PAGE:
Geneseo students often say they enjoy the college's small size because of the relationships they build with faculty and the sense of a closely-woven community – now they can add to that list being the flagship for a burgeoning social retail website. College Town Traders recently selected Geneseo to be one of two schools nationwide to launch its new web design in spring 2011.
Dave Cooper, a member of Geneseo's Marketing Club, described the website, collegetowntraders.com, as "an online marketplace like Craigslist, [except] it focuses on small colleges." The marketing club was selected by the creators of the site to conduct market research on campus while the site was being developed.
At present there are approximately 20 posts on Geneseo's College Town Trader site offering everything from sublets to "Sex in the City" DVDs. The prices are reasonable – a dresser for $20, a sofa for $40 – and sometimes border on unbelievable – an HP printer/scanner/copier for $50.
It's obvious from the site that user response is highly sought after by the designers. There are fields for general inquiries, new features, category requests and school nicknames. "We know students don't want to work hard to operate a site," the creators wrote on the site. "Hell, we didn't want to work hard to build this thing, but someone has to make life easier for you."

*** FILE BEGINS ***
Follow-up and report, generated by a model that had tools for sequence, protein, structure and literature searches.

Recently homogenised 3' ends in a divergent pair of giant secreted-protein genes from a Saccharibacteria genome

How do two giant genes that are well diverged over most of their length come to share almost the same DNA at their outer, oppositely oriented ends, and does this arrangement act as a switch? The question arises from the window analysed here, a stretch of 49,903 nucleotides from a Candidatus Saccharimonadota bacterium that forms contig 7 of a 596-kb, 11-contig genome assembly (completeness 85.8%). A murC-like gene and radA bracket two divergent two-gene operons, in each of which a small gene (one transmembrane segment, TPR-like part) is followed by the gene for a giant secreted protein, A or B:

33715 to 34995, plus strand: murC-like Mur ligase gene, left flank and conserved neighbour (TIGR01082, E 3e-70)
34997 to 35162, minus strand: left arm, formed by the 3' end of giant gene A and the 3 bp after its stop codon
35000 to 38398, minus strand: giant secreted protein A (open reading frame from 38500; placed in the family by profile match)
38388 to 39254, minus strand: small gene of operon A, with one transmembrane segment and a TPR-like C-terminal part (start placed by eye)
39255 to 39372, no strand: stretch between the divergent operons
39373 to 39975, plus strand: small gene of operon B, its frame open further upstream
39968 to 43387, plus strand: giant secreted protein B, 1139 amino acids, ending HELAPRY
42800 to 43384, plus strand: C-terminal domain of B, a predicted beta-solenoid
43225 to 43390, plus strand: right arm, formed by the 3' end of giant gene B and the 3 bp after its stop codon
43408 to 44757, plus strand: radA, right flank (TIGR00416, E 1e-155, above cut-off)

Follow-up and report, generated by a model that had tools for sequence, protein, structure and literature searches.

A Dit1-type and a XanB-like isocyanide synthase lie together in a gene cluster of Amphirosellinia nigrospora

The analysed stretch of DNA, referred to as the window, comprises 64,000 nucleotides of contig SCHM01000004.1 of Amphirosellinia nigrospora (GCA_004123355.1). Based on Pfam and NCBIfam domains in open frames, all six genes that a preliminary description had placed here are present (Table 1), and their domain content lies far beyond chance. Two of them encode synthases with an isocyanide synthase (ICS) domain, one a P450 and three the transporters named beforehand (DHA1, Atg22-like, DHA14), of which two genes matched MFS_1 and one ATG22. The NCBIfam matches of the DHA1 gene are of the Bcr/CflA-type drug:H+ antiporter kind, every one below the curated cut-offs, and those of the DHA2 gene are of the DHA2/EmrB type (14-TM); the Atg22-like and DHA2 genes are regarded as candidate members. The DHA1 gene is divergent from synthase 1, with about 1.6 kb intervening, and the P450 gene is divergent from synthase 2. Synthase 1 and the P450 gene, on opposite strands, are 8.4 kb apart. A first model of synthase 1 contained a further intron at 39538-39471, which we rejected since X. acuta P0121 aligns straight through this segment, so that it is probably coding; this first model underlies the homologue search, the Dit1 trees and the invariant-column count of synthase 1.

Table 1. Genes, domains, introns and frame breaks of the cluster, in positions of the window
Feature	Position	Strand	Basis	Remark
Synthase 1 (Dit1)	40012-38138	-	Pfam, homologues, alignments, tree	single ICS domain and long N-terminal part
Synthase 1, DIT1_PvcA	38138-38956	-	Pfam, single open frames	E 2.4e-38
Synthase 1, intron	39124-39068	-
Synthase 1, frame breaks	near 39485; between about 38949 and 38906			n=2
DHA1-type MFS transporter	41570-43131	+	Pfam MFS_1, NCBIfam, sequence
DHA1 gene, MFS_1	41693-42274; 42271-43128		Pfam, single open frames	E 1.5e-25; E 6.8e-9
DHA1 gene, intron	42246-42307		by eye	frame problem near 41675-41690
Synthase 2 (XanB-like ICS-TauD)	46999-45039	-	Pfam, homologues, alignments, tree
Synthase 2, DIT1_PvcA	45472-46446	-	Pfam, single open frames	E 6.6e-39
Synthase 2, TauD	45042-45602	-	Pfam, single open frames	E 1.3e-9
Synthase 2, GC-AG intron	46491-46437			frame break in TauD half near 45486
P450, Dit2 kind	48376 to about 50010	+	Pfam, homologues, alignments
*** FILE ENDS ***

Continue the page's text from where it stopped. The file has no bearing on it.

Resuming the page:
Co-creator Mark Lozzi said he and his partner Mike Novak are hiring an outside professional to make the site more attractive, user friendly and "sexier." "It's not cutting edge tech – it's just something servicing an underserviced market," Lozzi explained.
An alum of SUNY Oswego, Lozzi said he understands how difficult it can be to connect with undergraduate students for intra-campus commerce. "I knew a lot of people," he said. "But I wasn't friends with a lot of people, so I could [only do things like] ask ‘Jeremy do you need a couch?'"
The site is currently open to over 4,000 schools across the U.S. and Canada, but Lozzi said most of the pages will soon close down, making Geneseo one of two target markets. He said College Town Traders experienced "the most commitment [at Geneseo] from the student body."
The marketing club has definitely shown commitment through this process, with three divisions working on different aspects of the venture: market research, product development and public relations.
Cooper said market research has conducted surveys to determine what Geneseo students want in the site while product development is working on campaign strategies for site growth, such as slogans. Public relations has orchestrated events such as happy hours before hockey games where members hand out beer pong balls with the site's name.
"Collegetowntraders.com is new," Cooper said, "but they're a legitimate startup with a good idea, and we think we can help them reach their target market, because we are their target market – college kids."
The site's management hopes to expand in the future, but right now, they want to focus on small college towns and Geneseo specifically. "We chose Geneseo for a reason," Lozzi said, "and we're going to stick with it."